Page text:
REPORT AT A GLANCE
Human rights violations have been ongoing in Turkey for decades, bolstered through an unjust legal system that results in the systemic grievances that the EU has failed to properly address. This report finds that these violations disproportionately impact artists, academics, lawyers and activists who express opposition against the regime.
The Islamic Republic is not immune to social unrests. Since 2017 onward, Iran has been the theatre of several spontaneous protests and riots, illustrating the consequences of complex structural deficiencies. Despite the regime’s concerted efforts to forcefully contain the protests, often through repression or intimidation, the recurrence of unrests reveals an underlying failure to address the root causes of numerous issues.
Today, 18 February 2020, the BIC attended the European Parliament Subcommittee on Human Rights (DROI) meeting to discuss the ongoing human rights violations in Turkey, specifically in regards to those carried out against artists, lawyers, academics and activists. Chaired by MEP Maria Arena, who has personally invited the BIC to attend the event, the panel was comprised of a broad range of Turkish activists and experts, including Mr. Ishan Cibelik, Member of the music group Yorum, and the lawyer Ms.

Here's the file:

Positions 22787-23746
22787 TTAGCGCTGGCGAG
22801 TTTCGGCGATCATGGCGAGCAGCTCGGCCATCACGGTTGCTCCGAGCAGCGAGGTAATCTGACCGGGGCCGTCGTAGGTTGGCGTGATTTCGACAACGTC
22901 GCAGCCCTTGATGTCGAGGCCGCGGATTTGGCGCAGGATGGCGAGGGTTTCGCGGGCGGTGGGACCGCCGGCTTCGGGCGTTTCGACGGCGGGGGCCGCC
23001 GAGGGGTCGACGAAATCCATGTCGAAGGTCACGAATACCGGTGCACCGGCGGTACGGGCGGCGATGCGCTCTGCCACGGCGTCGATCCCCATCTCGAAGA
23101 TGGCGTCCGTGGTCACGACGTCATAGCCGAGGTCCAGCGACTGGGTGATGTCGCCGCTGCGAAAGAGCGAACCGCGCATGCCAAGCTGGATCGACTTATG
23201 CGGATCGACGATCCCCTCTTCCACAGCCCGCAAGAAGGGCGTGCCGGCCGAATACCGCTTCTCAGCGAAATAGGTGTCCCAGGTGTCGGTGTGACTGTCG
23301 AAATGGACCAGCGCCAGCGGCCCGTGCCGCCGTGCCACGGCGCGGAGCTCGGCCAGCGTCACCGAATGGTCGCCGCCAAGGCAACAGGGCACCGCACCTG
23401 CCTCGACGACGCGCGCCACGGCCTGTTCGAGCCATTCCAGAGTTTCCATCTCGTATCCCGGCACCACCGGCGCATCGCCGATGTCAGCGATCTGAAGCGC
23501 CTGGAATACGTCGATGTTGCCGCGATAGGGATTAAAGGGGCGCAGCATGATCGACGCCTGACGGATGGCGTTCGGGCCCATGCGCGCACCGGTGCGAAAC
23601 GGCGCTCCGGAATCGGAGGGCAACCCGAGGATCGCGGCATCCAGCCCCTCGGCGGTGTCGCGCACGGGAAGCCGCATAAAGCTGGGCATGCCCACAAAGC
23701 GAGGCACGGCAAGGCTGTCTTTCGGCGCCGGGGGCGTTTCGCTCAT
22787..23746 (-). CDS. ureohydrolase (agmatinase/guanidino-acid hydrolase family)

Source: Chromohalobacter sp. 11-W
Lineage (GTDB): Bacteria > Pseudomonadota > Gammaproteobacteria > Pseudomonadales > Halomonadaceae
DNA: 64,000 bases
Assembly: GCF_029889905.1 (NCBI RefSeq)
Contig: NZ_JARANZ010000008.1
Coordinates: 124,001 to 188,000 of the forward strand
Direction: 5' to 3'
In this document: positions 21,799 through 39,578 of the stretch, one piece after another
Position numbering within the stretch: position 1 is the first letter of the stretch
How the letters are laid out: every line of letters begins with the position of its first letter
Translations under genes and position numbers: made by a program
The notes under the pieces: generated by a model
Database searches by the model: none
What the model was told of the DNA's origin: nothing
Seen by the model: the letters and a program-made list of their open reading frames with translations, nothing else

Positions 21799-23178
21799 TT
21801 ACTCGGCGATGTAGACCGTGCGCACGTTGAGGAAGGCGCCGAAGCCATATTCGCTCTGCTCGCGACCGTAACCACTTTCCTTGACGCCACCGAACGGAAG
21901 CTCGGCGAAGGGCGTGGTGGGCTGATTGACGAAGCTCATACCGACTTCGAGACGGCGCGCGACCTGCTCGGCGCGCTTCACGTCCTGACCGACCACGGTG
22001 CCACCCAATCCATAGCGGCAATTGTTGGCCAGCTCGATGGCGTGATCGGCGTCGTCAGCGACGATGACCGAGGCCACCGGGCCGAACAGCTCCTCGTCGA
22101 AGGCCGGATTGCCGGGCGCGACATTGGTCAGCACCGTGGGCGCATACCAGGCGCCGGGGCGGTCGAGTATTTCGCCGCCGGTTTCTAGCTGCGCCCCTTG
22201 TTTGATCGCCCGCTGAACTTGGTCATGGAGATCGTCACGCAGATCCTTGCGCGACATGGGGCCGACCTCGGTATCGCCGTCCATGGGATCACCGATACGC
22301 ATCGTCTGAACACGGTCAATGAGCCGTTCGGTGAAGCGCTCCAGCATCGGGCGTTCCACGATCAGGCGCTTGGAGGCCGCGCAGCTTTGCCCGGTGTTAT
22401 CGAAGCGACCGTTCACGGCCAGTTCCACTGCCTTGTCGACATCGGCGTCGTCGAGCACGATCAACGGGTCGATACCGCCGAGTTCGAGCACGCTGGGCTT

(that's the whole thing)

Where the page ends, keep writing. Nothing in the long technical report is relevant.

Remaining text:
In late December 2019, the Tripoli based-UN backed- Government of National Accord (GNA) appealed for Turkey to intervene in Libya. As a response, the Turkish Parliament held an emergency session on January 3rd, 2020, and voted to authorize President Recep Tayep Erdogan to deploy Turkish troops to Libya. Soon after, the deployment of troops materialized. However, not only were Turkish military forces deployed but Syrian rebels from northern Syria too.
Currently, the Iraqi security sector has relied on international assistance over the past years to combat terrorism within the country through capacity building, military trainings and financial assistance. With current tensions in the region, Iraq has called for a withdrawal of all foreign military troops, which could have widespread consequences that impact the future stability of the country.
Coercive Engineered Migration corresponds to an attempt from a challenger to obtain political, economic or military concessions from a target through the instrumentalization of a migration “crisis”. It generally appears as an asymmetric weapon by a weak actor against a stronger one and may, in some cases, be considered as a punishment strategy. Usually the favorite target in this exercise of coercive diplomacy is defined by a democratic mode of governance.